So you can imagine my surprise when I was suddenly without medical insurance for two weeks.

Now, from what I understand, COBRA benefits can be purchased retroactively. And our local hospital has a good charity care program.

But still.

So that’s the background. We’re in a global pandemic, I’m unemployed and have $5,000 to my name, no medical benefits, and two male kittens coming of age.

Enter FURR.

When they helped us get low-cost neutering for our “greybies,” we thanked them and I said the fateful words, “I wish I had the money to give a nice donation but I just lost my job. But if you ever need a foster, I’m willing to help.”

Foster cat godmother gave us our first batch of kittens July 31.

Yes, we have been fostering with FURR for a year and a week. Foster cat godmother can’t believe that and says it feels like we’ve been around for an eternity.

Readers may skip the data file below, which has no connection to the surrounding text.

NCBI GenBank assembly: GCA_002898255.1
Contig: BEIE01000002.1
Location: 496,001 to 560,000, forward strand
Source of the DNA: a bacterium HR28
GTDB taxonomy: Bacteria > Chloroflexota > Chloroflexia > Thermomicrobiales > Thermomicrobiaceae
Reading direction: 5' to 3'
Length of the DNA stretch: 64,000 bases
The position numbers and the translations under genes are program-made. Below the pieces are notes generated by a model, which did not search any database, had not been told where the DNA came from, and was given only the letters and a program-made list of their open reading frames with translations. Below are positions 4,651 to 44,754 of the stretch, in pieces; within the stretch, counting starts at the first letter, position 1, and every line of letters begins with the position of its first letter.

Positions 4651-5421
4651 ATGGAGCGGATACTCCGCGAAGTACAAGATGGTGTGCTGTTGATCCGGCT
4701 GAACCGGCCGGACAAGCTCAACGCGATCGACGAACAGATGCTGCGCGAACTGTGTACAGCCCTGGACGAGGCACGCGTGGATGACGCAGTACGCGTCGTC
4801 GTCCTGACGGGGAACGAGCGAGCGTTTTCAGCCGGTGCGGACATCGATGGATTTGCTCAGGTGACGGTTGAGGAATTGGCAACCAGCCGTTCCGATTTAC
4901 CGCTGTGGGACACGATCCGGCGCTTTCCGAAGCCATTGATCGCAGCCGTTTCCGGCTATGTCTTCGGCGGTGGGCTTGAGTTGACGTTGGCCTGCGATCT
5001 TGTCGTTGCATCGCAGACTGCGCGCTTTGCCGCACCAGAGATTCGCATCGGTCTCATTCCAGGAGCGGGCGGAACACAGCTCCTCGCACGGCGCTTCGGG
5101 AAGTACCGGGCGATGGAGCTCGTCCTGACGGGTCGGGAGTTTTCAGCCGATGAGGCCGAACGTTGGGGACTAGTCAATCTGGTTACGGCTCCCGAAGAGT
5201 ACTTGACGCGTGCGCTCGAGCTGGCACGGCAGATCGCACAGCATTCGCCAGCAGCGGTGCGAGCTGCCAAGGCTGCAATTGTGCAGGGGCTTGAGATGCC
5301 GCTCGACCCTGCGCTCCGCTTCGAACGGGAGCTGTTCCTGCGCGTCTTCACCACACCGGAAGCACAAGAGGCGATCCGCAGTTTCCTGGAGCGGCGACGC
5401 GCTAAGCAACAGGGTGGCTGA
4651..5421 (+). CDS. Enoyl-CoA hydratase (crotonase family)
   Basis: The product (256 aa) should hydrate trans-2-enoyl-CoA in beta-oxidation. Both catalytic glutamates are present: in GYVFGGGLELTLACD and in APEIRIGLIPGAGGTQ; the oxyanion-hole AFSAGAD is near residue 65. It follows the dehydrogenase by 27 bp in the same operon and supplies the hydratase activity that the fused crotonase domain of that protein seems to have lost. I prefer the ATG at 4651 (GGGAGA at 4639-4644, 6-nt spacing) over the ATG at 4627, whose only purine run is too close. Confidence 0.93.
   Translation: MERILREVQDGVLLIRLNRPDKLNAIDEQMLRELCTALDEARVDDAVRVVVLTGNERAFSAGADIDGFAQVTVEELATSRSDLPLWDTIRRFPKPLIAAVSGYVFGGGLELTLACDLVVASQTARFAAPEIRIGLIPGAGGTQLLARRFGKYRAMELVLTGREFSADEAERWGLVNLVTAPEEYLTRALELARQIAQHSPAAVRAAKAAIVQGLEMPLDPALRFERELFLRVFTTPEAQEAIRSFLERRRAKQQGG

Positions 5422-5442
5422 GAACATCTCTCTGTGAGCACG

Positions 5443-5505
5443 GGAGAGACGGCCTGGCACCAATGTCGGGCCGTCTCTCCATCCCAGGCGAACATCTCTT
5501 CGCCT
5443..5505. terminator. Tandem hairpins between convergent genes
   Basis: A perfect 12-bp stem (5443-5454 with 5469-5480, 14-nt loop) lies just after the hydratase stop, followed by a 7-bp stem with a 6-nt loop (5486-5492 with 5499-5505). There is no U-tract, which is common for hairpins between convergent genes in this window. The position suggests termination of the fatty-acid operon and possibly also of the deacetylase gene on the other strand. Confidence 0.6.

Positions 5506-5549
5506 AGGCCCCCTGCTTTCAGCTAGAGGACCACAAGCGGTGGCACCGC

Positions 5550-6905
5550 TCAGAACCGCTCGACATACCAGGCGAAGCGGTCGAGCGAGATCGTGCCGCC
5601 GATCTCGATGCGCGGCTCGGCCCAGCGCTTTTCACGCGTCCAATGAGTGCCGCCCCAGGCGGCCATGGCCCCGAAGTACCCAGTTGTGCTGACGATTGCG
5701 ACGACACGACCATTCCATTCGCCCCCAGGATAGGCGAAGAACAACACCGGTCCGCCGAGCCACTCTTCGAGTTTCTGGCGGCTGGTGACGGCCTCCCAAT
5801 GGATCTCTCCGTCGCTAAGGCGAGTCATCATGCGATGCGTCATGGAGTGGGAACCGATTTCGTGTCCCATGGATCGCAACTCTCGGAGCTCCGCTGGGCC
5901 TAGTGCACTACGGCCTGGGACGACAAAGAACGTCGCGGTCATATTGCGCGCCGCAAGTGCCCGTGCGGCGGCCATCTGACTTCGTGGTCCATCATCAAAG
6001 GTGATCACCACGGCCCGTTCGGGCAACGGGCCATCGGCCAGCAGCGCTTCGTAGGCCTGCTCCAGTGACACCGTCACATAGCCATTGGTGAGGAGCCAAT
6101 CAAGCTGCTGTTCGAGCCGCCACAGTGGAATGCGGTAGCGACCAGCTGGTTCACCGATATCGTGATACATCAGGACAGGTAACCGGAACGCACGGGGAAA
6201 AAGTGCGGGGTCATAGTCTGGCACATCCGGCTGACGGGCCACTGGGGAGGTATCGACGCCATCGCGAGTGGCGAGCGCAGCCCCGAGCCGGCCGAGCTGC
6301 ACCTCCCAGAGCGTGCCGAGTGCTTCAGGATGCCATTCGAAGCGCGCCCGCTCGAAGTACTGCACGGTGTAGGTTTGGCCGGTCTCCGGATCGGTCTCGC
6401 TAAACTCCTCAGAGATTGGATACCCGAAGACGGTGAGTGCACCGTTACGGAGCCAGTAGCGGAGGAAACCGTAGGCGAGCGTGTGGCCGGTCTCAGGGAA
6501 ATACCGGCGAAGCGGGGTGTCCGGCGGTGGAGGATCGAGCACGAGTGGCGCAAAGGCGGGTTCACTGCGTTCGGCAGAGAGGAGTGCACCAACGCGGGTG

Now, if you are one of my friends or a regular reader, you may recall that on August 1, our sassy little black kitten, Hades, bit me as I tried to medicate her infected eyes.

I went to urgent care that day as the finger was growing redder and redder. This was the very first day I had medical benefits and honestly I was scared that they might give me trouble as my insurance had lapsed. Was that fear rational? No. But was in understandable in American society? Hell, yes.

About six a.m. August 2, I went to the ER because the finger had swelled (despite antibiotics) and I could no longer bend it.

On my second day of renewed medical insurance.

I was in the hospital for four days. First time ever, other than during childbirth.

My neighbor— an economics professor at a local community college— and I had the discussion this winter: Who should be responsible for healthcare?